“Gerrymandering is a practice intended to establish an unfair political advantage for a particular party or group by manipulating district boundaries, which is most commonly used in first-past-the-post electoral systems. Two principal tactics are used in gerrymandering: “cracking” (i.e. diluting the voting power of the opposing party’s supporters across many districts) and “packing” (concentrating the opposing party’s voting power in one district to reduce their voting power in other districts).” – Wikipedia
Cakeland’s got a power vacuum and it needs filling (of the berry kind). The blueberry party and the strawberry party will square off in an effort to divide Cakeland between them, each in an effort to guarantee themselves the bigger slice. Will the strawberries come out on top or will the blueberries take the cake? Only one way to tell. It’s time for some Berrymandering!
In the game of Berrymandering, two players are going to be taking turns slicing up the cake that has been laid out between them. The cake is made up of 36 small square tiles, each illustrated with 1 to 4 blueberries or strawberries. There are also a few mystery tiles that, when flipped, will reveal between 1 or 2 mystery berries apiece (each fruit has an equal number of single and double berries).
On a player’s turn, they will cut the cake into groups of 4 tiles each and then their opponent will choose one of these to eat (a mechanic known as “I split, you choose”). If any mystery tiles have been placed, these are revealed at this time. If the selected slice contains more strawberries than blueberries, the strawberry player receives a candle. If the reverse is true, the blueberries receive a candle. If there is a tie, then nobody receives one.
After scoring the slice, the 4 tiles are turned face down. Then the second player becomes the active player and, without changing the position of any of the tiles, will divide the remaining cake into 4-tile segments. Then the other player chooses a slice to eat.
This process is repeated over and over until the entire cake has been eaten at which time the player with the most candles wins.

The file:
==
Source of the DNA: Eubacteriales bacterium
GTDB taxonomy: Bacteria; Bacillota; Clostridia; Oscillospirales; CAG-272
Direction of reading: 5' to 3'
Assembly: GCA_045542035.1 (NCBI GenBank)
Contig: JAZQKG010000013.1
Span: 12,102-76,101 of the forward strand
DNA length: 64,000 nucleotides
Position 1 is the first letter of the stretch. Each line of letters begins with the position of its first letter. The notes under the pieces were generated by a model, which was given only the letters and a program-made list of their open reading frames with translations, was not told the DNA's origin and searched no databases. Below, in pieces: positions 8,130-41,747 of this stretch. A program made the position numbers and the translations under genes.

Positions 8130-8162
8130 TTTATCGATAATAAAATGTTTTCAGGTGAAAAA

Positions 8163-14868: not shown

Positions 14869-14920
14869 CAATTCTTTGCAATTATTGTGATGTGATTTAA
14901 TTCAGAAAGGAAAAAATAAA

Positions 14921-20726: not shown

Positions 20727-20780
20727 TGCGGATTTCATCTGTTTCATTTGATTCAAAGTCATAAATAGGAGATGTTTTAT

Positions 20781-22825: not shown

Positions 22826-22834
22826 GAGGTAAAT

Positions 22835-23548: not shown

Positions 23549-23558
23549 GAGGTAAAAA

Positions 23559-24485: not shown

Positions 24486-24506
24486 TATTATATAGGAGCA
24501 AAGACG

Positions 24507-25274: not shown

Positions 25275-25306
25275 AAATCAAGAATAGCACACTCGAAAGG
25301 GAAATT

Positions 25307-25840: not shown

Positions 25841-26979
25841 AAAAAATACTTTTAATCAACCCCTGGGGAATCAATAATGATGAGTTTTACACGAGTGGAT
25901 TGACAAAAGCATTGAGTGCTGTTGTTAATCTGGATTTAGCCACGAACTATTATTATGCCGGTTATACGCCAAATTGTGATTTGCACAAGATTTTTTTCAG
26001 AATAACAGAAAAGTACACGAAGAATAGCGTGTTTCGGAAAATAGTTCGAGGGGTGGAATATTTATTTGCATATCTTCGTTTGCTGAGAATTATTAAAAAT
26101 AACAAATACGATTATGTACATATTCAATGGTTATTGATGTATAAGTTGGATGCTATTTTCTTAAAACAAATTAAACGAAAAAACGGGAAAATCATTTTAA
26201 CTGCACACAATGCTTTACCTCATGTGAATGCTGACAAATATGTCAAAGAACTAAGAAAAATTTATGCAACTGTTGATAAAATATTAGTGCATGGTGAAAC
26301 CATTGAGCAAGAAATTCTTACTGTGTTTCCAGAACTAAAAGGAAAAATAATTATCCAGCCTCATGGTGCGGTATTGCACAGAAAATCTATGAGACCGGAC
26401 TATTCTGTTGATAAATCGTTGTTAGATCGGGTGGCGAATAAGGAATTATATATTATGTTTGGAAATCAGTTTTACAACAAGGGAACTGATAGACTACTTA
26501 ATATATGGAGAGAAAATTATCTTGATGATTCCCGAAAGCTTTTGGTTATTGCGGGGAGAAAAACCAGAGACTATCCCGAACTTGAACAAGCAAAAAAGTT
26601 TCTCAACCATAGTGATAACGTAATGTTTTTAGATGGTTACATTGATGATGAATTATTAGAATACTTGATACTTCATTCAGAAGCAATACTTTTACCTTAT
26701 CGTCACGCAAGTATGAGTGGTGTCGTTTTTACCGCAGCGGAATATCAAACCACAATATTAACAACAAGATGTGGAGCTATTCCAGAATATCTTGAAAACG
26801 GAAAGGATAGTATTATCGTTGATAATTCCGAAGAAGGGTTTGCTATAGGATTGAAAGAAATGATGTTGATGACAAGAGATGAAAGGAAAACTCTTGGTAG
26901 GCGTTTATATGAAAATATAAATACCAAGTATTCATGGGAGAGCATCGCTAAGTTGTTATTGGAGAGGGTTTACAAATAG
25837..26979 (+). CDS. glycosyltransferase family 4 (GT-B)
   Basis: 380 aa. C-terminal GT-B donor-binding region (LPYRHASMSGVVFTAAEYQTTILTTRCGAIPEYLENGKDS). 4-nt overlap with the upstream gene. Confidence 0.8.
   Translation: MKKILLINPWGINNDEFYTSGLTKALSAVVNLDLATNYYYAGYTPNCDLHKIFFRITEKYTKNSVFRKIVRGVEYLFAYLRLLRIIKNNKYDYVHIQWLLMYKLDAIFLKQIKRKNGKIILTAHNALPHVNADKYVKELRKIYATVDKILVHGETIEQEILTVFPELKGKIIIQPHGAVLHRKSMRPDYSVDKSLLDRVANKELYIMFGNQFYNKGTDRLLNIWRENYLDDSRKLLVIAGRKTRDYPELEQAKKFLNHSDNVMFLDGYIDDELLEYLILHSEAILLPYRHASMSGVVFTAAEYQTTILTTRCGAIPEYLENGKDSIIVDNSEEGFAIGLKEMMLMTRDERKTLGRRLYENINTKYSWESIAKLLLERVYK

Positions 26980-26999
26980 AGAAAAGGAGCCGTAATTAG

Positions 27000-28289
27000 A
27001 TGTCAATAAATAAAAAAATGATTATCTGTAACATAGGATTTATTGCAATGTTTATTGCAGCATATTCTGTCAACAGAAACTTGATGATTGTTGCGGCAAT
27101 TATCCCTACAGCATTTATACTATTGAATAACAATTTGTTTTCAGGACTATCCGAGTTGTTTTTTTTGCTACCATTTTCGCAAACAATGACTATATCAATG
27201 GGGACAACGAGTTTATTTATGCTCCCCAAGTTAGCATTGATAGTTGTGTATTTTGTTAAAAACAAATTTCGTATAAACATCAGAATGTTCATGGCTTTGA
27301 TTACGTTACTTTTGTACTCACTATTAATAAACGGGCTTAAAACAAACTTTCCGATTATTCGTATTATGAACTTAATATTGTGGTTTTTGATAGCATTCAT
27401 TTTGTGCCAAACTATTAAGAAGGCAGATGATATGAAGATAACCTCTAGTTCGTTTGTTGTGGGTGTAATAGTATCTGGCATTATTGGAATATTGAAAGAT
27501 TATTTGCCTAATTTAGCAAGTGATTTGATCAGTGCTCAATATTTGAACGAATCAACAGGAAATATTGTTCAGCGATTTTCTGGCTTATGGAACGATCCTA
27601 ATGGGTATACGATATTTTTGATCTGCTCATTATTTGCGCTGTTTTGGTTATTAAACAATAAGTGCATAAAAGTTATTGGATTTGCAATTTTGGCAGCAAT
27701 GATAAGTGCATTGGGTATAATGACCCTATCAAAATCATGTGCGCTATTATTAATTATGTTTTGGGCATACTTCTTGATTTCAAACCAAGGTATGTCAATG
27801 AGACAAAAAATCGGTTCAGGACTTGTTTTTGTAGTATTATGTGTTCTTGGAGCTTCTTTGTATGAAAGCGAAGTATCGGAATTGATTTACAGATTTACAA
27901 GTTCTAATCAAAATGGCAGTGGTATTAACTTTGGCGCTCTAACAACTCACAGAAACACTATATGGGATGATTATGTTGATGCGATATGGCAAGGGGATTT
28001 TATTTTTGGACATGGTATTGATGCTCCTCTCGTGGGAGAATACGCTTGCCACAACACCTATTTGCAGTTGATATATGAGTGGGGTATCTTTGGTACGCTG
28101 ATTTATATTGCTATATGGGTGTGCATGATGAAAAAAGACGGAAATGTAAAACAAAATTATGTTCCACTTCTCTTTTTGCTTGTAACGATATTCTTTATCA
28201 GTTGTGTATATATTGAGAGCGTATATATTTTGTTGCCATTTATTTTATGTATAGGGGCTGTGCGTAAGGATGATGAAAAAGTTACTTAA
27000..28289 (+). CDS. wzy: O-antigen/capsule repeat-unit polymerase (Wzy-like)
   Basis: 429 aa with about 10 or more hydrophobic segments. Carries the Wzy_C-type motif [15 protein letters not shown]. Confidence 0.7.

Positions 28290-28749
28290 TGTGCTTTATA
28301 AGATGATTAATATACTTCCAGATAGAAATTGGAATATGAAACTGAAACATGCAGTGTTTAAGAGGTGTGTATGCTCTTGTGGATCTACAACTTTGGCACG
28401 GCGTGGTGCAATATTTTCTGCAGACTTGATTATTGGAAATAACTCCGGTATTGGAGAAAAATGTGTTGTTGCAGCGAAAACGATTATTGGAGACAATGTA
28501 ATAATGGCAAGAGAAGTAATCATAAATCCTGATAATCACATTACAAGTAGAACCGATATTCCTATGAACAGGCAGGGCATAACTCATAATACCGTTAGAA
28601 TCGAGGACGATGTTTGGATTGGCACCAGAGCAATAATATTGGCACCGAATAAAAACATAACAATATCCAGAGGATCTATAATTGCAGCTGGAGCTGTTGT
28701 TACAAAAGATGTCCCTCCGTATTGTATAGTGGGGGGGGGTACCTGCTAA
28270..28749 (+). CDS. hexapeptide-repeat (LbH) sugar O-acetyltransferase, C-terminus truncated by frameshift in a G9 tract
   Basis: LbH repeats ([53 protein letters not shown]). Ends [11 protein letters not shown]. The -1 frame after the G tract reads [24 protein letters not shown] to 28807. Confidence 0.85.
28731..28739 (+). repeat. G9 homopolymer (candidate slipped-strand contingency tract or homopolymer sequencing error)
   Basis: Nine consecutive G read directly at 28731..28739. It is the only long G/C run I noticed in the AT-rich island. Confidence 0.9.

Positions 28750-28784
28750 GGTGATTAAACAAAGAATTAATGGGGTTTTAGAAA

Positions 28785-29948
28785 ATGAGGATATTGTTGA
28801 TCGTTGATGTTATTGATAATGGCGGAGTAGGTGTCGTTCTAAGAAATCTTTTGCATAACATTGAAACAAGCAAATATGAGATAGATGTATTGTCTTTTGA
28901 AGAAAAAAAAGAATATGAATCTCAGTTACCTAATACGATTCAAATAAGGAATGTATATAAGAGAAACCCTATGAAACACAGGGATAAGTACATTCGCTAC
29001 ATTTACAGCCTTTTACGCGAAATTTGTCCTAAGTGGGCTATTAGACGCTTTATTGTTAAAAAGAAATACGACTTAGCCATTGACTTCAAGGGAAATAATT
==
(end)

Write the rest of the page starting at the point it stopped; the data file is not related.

One of the most charming aspects of Berrymandering is that it is an incredibly easy game to set up, teach, and play. The game is very small — its box landing in a size range somewhere between The Mind and Tiny Epic Quest — but its compact size is not indicative of a paucity of challenge. What Berrymandering lacks in table presence, it makes up for in gameplay.
Berrymandering is always forcing you to think several moves ahead, measuring risk versus reward. Ideally you’d want every group of berries to have more of your own kind in it than your opponent’s so that, regardless of what they chose, you’d win. But this is never the case. Each person has the same collection of berry tiles and they’re all randomly placed out when the game begins, so every split that you create is going to require some critical thinking.
Do you try to find balance by setting multiple splits that will result in a tie knowing that pieces will be sacrificed if they’re chosen? Should you set up your opponent for a definite win but try to make each win as costly as possible for them? Or should you do the same for yourself? Truth be told, you’ll often be mixing these strategies. The crucial thing to remember, though, is that whatever the outcome, you’re also setting up the possible splits for future turns.
This adds a very spatial element to the game, a different puzzle to have to solve while at the same time trying to resolve the split dilemma. If you split here and your opponent chooses it, then next turn that means your opponent has no choice but to split there, right where you want them to. Or perhaps, right where you don’t want them to. Maybe you should set up the split so that you’re not getting boxed in when they’re setting up theirs.
And I haven’t even touched on what goes inside of your head when it’s your turn to select a slice to eat. Is your opponent setting a trap for you? Do you give them what you think they want or do you do something unexpected? In 1956, Bobby Fischer sacrificed his queen during a chess game that has come to be known as “The Game of the Century”. This unexpected move rattled his opponent so much that it ultimately won him the game. Sometimes being crafty requires a sacrifice.
The chess analogy here is purposeful. There are times when playing Berrymandering that it almost feels like you’re playing that most sacred game. And while I doubt that Berrymandering will ever find itself on the world stage like chess, one can only hope it does. It’s just that good of a game.